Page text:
Celtics

Karalis: Jayson Tatum’s super-charged efficiency fueling Celtics’ turnaround

(Getty Images Photo)

Every so often I get a little technical on here, and I’m afraid I might be saying things that go over people’s heads. However, sometimes it can’t be helped. I just have to say things and hope people understand. Today is one of those days. 

The Boston Celtics do better when Jayson Tatum is playing well. 

I’ll give you a few minutes to process that.

Tatum was named Eastern Conference Player of the Week on Monday. He put up an East-best 31.5 points on 48.8% shooting (38.9% from 3), 8.5 rebounds, and 3.8 assists over the past week, which included the loss to Philadelphia but also Boston’s three-straight wins over New York, Minnesota, and Denver. He has put up at least 25 points and 10 rebounds in each of his last three games, which is the longest such streak by a Celtics player since Paul Pierce in 2003.

What stands out about Tatum’s week is how much he’s attacking the basket, and how well he’s finishing. Tatum has not been particularly great at the rim this season, but he has come on strong lately. 

“It’s not a lack of desire ... to get to the rim,” Brad Stevens said after the win over Minnesota. “Sometimes it’s hard to get to the rim on certain guys and you can find matchups elsewhere that are maybe more advantageous to do so. I think he has grown in his ability to seek great shots, or seek higher-efficiency shots, throughout this season.”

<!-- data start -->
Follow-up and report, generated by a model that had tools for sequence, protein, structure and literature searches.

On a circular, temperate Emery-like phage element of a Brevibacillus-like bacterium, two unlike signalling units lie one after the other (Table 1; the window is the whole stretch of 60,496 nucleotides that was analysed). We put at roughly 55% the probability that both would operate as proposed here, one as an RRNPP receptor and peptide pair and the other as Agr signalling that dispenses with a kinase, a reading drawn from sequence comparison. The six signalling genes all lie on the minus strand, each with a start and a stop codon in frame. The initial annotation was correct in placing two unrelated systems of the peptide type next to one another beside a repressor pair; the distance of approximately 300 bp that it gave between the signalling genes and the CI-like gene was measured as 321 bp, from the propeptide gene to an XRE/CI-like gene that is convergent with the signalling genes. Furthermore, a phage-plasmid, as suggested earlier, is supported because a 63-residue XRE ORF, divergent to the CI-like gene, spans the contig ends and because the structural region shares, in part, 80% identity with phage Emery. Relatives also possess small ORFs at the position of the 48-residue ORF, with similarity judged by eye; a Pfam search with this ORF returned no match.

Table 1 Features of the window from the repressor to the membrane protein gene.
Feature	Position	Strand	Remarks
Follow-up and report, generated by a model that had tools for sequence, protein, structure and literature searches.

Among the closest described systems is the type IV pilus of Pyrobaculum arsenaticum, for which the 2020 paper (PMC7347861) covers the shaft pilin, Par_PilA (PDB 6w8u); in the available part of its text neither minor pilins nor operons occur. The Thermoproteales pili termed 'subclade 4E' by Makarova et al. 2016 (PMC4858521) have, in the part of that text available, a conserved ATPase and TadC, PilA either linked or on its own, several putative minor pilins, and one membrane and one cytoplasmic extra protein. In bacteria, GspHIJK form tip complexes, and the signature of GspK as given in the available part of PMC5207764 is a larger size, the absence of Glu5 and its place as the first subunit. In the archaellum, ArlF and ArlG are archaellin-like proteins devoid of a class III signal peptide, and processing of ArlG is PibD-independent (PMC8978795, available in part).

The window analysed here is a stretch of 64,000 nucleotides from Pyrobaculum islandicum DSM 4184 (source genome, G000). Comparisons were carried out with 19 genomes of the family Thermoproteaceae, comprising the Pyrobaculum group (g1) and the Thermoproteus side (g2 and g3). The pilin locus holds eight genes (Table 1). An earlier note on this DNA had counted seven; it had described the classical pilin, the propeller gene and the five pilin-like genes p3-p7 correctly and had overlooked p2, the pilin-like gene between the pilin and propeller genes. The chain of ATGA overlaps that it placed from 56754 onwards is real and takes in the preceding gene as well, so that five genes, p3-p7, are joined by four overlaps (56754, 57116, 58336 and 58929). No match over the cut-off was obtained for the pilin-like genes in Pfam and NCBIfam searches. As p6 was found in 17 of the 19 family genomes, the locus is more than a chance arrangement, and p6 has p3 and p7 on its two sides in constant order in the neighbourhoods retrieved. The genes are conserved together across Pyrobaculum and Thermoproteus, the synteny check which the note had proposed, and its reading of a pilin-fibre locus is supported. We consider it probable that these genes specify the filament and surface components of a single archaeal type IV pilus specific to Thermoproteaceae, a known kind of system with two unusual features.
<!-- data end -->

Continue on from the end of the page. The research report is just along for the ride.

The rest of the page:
The numbers bear that out, and they culminated in this POTW run. 

Before the All-Star break, Tatum took 21% of his shots inside the restricted area and shot 62% over 31 games, netting him 5.5 points per game at the rim. In the 17 games since the break, Tatum has upped his production and has taken 27.1% of his shots in the restricted area. He’s shooting 73.4% on those shots, and is averaging 8.1 points per game at the rim.  

This is a much more efficient Tatum, who has also increased his 3-point production. He’s taking 40.3% of his shots from beyond the arc since the break, an increase of nearly 7%, but there’s no overall uptick in the volume of shots. There is no added usage or changes in the pace numbers. He’s just taking better shots and it shows when you see his true shooting percentage jumped 6.4%, to 61.1%, since the break.

Before the break, nearly 45% of Tatum’s shots came from somewhere other than the rim or on 3’s. Since the break, about 33.6% of his shots are non-restricted, non-3-point shots. It’s no shock to see his scoring average go up more than two points per game simply by changing his shot profile. 

His last three games supercharge this trend.